So you’ve just started your filmmaking business, or you’re starting to get too many clients, and you are trying to figure out a way to easily keep on top of these projects. Will a spreadsheet help? Sure, but it can get cluttered real fast. How about a word document? That’s not easily searchable.
Like you, I wen’t through the difficulty of trying to find a way to more easily manage my clients and the projects I am doing for them. That is when I came across CRM’s or Customer Relationship Managers.
CRM’s are a bit of software that can help you to manage your contact details, the companies they work for and the projects you have with them. Typically, they are web based applications, but many of them will also have a mobile app, so that you can manage your projects on the go.
Each CRM basically does the same thing, with some being better at specific tasks than others. I highly recommend that you shop around and find one that fits you.
Some typical CRM features include:
- Contacts – For both companies and company employees
- Email Tracking – Which lets you send emails, see if the email has been opened and if any links have been clicked.
- Project Pipelines – Which tracks the sales process, project stages etc.
- Tasks – To do lists for each lead and client i.e. Meetings, Calls, Deadlines etc.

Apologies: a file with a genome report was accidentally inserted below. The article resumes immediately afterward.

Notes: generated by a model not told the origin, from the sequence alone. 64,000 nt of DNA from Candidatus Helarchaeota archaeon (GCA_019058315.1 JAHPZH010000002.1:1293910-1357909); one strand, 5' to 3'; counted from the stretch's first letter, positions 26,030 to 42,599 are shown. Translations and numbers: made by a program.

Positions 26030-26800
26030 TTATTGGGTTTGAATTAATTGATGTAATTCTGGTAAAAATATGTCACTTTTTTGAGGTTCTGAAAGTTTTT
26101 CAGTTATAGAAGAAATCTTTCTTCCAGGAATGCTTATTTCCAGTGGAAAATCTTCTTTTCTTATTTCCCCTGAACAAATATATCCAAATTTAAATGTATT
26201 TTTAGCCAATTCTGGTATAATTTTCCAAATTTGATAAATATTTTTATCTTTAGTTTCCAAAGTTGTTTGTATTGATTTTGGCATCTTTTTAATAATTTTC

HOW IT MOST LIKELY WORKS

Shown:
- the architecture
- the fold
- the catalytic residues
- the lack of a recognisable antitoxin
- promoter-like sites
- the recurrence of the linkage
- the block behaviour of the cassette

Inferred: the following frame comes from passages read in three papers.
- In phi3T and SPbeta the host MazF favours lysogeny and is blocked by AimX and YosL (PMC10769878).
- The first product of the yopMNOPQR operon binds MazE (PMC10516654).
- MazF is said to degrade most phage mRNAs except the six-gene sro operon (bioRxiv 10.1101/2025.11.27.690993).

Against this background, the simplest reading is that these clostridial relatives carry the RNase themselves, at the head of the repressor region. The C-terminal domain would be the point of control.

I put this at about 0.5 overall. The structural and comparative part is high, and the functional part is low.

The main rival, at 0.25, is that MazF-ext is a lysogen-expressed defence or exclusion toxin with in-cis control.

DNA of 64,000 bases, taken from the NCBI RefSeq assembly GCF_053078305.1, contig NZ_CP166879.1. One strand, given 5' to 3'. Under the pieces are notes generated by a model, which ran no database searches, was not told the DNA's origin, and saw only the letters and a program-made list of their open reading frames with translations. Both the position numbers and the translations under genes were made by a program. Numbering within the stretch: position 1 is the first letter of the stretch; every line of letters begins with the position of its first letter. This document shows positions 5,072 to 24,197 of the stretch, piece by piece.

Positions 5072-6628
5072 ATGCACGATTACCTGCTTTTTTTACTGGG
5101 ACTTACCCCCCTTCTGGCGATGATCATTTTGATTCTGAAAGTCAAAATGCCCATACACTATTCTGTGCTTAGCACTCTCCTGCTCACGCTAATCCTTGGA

Hubspot is a great free CRM, there’s also Streak which is an extension for Gmail, and many, many others. I ended up settling with one called Salesmate. With Salesmate, I find that the UI is super easy to use, looks clean, and it gets the job done. All while being relatively inexpensive at $15 a month.
So how do I use my CRM?
When searching the internet for potential companies to work with, I will have my CRM open in another window.
When I come across a businesses I want to work with, I will create a new contact for that businesses owner or marketing manager.
I’ll add their name, telephone number and email address to the contact.
I’ll then add the company to the CRM. Adding their web address, physical address and social media accounts.
Finally, I will create a project, which will start off sharing the name of the company.
The project will start off in my ‘Sales’ pipeline as a lead. Once I have sent an initial email to the lead, it will be moved to the contacted section.
The project will progress through the Meetings, Proposal & Negotiation stages before either being lost or won.
If the contract has been won, I will then move it to the ‘Production’ pipeline.
Here I can keep track of the project from initial invoice, to pre-production, production and post production, before finally completing the project after the final invoice has been paid.
Finally, the project will move onto my ‘Completed Projects’ pipeline.
I have three sections for this pipeline:
- Satisfaction Survey Sent – Where I have sent out a quick questionnaire to the client for feedback on the project.
- Case Study Published – Where using the information from the survey, I put together a case study on my companies website with a testimonial from the client.
- Finished – Where the project is fully completed, with no more work to be done.
Over the past month that I have been using this CRM, my project management has improved dramatically, freeing up more time for me to spend on each project, and less time on the boring admin work.
If you are starting out with a video production company, I would highly recommend you finding a CRM that works for you. They are invaluable tools that can help you keep track of your business.